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Review

Animal Welfare Issues in Capture-Based Aquaculture

1
Faculty of Biosciences and Aquaculture, Nord University, Universitetsalléen 11, 8026 Bodø, Norway
2
BioVivo Tech AS, Stobjørnen 17, 8029 Bodø, Norway
*
Author to whom correspondence should be addressed.
Academic Editor: Cosmas Nathanailides
Animals 2021, 11(4), 956; https://doi.org/10.3390/ani11040956
Received: 22 February 2021 / Revised: 23 March 2021 / Accepted: 25 March 2021 / Published: 30 March 2021
(This article belongs to the Special Issue Emerging Issues in Aquaculture)
Aquaculture is about farming aquatic animals in certain facilities, in order to meet the global demand for aquatic animal products. However, reproduction and raising of all commercially important aquatic animals under farming conditions are not always feasible or cost-effective. Thus, for some fish and shellfish species, a system that relies on the collection of wild individuals, at various life stages and rearing in controlled facilities, has been employed. These animals, however, are not products of a lengthy domestication process and thus are not used to the artificial environment of the fish farms. The way they respond to the various stressful conditions might be different, compared to the domesticated fish. Therefore, we have to make sure that we use the appropriate rearing methods, for the entire time, so that their impact on the fish welfare is minimized. Apart from the moral obligations, this will also increase the profitability of the activity.
Capture-based aquaculture (CBA) represents a type of intensive aquaculture production system for some economically valuable fish species, such as bluefin tuna (Thunnus thynnus), eel (Anguilla spp.) and Atlantic cod (Gadus morhua). In CBA, fish are captured from the wild in certain periods of the year, and following a recovery phase, they are kept in rearing facilities for a period of time, until they reach the market size. In this case, the fish are wild and have not gone through domestication like other fish species that are reproduced and farmed under the established farming systems. Therefore, these fish are not genetically adapted to live under the intensive farming conditions, and thus their welfare may be compromised in different manners compared to their domesticated counterparts. This review presents an overview of the current situation of CBA, while focusing on the assessment of fish welfare in CBA. The most commonly used fish welfare indicators will be discussed in relation to the different stages of CBA. View Full-Text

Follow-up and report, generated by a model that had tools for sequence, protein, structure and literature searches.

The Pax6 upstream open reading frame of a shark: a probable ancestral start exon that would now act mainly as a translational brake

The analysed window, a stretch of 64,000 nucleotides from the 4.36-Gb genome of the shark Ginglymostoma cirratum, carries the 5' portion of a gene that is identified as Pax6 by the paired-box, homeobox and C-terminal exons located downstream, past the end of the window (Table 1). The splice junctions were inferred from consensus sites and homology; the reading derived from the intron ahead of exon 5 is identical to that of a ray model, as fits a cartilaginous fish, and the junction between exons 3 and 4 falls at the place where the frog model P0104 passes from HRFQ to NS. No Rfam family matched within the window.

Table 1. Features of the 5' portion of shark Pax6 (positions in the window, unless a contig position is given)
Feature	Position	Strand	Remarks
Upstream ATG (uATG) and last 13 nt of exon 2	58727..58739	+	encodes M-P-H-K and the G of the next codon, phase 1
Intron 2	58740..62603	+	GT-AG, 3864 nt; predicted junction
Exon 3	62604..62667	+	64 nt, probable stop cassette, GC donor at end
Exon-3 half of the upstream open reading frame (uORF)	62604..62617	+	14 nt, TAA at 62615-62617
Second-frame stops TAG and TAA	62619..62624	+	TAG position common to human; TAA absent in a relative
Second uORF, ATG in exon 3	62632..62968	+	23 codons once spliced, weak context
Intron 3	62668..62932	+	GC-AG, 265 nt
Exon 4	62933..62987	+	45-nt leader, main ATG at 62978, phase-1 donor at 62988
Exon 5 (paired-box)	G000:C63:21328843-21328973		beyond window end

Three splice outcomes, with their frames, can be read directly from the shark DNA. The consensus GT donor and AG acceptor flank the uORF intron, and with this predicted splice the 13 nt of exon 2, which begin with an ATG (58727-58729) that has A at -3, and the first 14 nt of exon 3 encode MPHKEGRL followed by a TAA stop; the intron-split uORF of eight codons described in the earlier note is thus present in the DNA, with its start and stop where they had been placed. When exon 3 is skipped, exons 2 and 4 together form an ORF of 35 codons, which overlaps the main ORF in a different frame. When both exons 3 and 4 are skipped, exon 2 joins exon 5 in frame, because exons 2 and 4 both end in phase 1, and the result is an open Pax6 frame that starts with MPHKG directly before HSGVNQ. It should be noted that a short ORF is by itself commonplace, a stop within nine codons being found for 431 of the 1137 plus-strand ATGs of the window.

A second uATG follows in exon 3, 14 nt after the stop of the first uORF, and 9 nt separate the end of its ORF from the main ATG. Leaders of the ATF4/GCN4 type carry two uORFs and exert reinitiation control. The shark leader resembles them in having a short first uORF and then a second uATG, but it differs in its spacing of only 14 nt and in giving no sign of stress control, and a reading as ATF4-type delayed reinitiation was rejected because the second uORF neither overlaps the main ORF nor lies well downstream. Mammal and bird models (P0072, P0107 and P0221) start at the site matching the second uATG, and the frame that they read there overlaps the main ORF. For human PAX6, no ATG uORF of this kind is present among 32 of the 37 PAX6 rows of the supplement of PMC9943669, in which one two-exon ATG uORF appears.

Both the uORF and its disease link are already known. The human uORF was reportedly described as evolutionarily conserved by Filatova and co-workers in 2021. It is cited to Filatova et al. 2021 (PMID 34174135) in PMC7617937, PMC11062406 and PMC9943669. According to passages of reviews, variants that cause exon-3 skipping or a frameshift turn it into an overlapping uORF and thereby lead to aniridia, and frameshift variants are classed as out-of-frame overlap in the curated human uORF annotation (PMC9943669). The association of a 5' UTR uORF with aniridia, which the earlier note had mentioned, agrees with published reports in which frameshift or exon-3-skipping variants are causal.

Keywords: fish; capture-based aquaculture; welfare; welfare indicators fish; capture-based aquaculture; welfare; welfare indicators
MDPI and ACS Style

Chandararathna, U.; Iversen, M.H.; Korsnes, K.; Sørensen, M.; Vatsos, I.N. Animal Welfare Issues in Capture-Based Aquaculture. Animals 2021, 11, 956. https://doi.org/10.3390/ani11040956

AMA Style

Chandararathna U, Iversen MH, Korsnes K, Sørensen M, Vatsos IN. Animal Welfare Issues in Capture-Based Aquaculture. Animals. 2021; 11(4):956. https://doi.org/10.3390/ani11040956

Chicago/Turabian Style

Chandararathna, Uthpala, Martin H. Iversen, Kjetil Korsnes, Mette Sørensen, and Ioannis N. Vatsos. 2021. "Animal Welfare Issues in Capture-Based Aquaculture" Animals 11, no. 4: 956. https://doi.org/10.3390/ani11040956

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